One thing I believe in is, I put their successes over my own. And I think that’s very important for them to see that, because what that does is gives them a [sense] of team ownership, and we are hearing their voices because the changes we make on a daily basis, whether it’s maybe doing this call differently, because they’re the ones who are doing it, they’re the ones who are seeing it, and they’re letting me know, “Hey, we should do it differently this way.” I run it up the chain, it always gets approved, and we’re doing this call differently. And so, they need to know that they’re being heard and they’re the ones that are creating the team. It’s not, “I need you to do this,” it’s “What can I do for you?” And I truly believe in that model as a leader, as a supervisor. I want them to know that I work for them, I’m here for you, and because of that, I think they’re more ingrained to buy into this program because it’s theirs, it’s their program. 


Absolutely. It sounds like you really have created a culture of flexibility and a desire to learn and grow the program and improve, and it’s really evident in all that you all have done. Dr. Graham, are there any other things that you have seen in the research that are top issues the school should be thinking about as they build the program? 


Yeah, Christine. I think probably based on what we’ve seen is there are four things that I would put at the top of the list. One is program goals, right? Clearly define what the program aims to achieve. And you can see these in the VCU program. Consider what specific needs are being addressed, such as reducing the burden on traditional security forces or providing specialized responses to mental health issues. Secondly, stakeholder engagement. Engage with all relevant stakeholders, including students, faculty, staff, safety staff, local law enforcement, to gather input and foster collaboration. Third, training and resources, and we know that this is where a lot of organizations struggle. Ensure that all team members receive appropriate training, especially in the areas such as de-escalation, crisis intervention, specific scenarios that they may face around implicit bias. Adequate resources should also be allocated to support the team’s operations effectively. And finally, community integration. How do we develop strategies for the program that will be well integrated into the school’s or the campus’s community? This could include public information sessions, involvement in community events, and regular feedback mechanisms that adjust the programs as needed.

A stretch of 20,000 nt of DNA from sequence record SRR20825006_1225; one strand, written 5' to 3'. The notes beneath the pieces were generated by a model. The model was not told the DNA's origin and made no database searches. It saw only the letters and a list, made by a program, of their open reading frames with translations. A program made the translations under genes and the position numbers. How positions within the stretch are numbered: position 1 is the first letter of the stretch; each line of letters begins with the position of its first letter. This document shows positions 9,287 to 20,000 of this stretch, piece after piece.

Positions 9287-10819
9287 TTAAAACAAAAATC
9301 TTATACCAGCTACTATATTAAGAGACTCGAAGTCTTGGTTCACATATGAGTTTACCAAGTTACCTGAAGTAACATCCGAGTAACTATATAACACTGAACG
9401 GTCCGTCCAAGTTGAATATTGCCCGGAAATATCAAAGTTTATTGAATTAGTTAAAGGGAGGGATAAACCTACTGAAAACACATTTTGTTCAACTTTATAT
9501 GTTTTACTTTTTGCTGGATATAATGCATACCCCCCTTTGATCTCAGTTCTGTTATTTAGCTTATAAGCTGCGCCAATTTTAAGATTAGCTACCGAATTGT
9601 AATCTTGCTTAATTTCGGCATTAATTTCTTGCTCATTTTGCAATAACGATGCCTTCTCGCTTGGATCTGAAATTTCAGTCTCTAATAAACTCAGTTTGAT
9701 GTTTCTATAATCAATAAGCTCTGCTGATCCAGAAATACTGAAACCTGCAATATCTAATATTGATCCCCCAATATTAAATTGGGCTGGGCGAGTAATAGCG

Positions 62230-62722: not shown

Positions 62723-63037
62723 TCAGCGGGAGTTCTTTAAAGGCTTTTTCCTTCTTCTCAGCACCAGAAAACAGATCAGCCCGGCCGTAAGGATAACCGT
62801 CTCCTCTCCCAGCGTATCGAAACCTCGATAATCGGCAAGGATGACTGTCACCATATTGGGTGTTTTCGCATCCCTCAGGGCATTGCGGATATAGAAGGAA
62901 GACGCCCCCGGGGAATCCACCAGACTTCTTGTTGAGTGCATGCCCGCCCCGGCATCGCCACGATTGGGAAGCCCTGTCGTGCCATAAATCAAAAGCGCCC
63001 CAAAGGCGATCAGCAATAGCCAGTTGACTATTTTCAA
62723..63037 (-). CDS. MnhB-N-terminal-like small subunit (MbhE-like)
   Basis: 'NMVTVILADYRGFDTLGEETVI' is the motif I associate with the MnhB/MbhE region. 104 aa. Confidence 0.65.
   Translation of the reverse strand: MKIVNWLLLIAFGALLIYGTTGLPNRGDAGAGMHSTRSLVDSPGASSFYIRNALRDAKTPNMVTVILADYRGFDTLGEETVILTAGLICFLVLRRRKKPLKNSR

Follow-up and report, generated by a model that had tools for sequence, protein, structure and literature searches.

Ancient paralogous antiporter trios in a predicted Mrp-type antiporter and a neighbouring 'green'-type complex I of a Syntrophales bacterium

Those are all really important. Thank you both so much. Well, we’re cutting it close on time so we won’t be able to get into any other questions today. But before we wrap up, I’d like to extend a big thank you to all four of our presenters. You’ve all provided fantastic insight today, and we really appreciate all the time you put into the preparation. I’d also like to extend a special thanks to Steven Healy, the CEO of  Healy+. He’s the one who brought this group together, and we’re really grateful for that. We’ve included everyone’s emails here, so please feel free to reach out to collaborate, or with any follow-up questions. 

Before we go, I’d like to take a moment to remind our members about risk advice. That’s the service that UE offers, where you can send any risk management question to the email address, and one of our consultants will answer. They’ve seen every question under the sun and they’d love to help you with yours. If you have any questions that we didn’t get to today, please also send those to the same email address,, and we will get you a reply. And finally, please don’t forget to check the resources we’ve included in this portal, and look for a recording of this webinar on our website in the days ahead. Thanks for listening.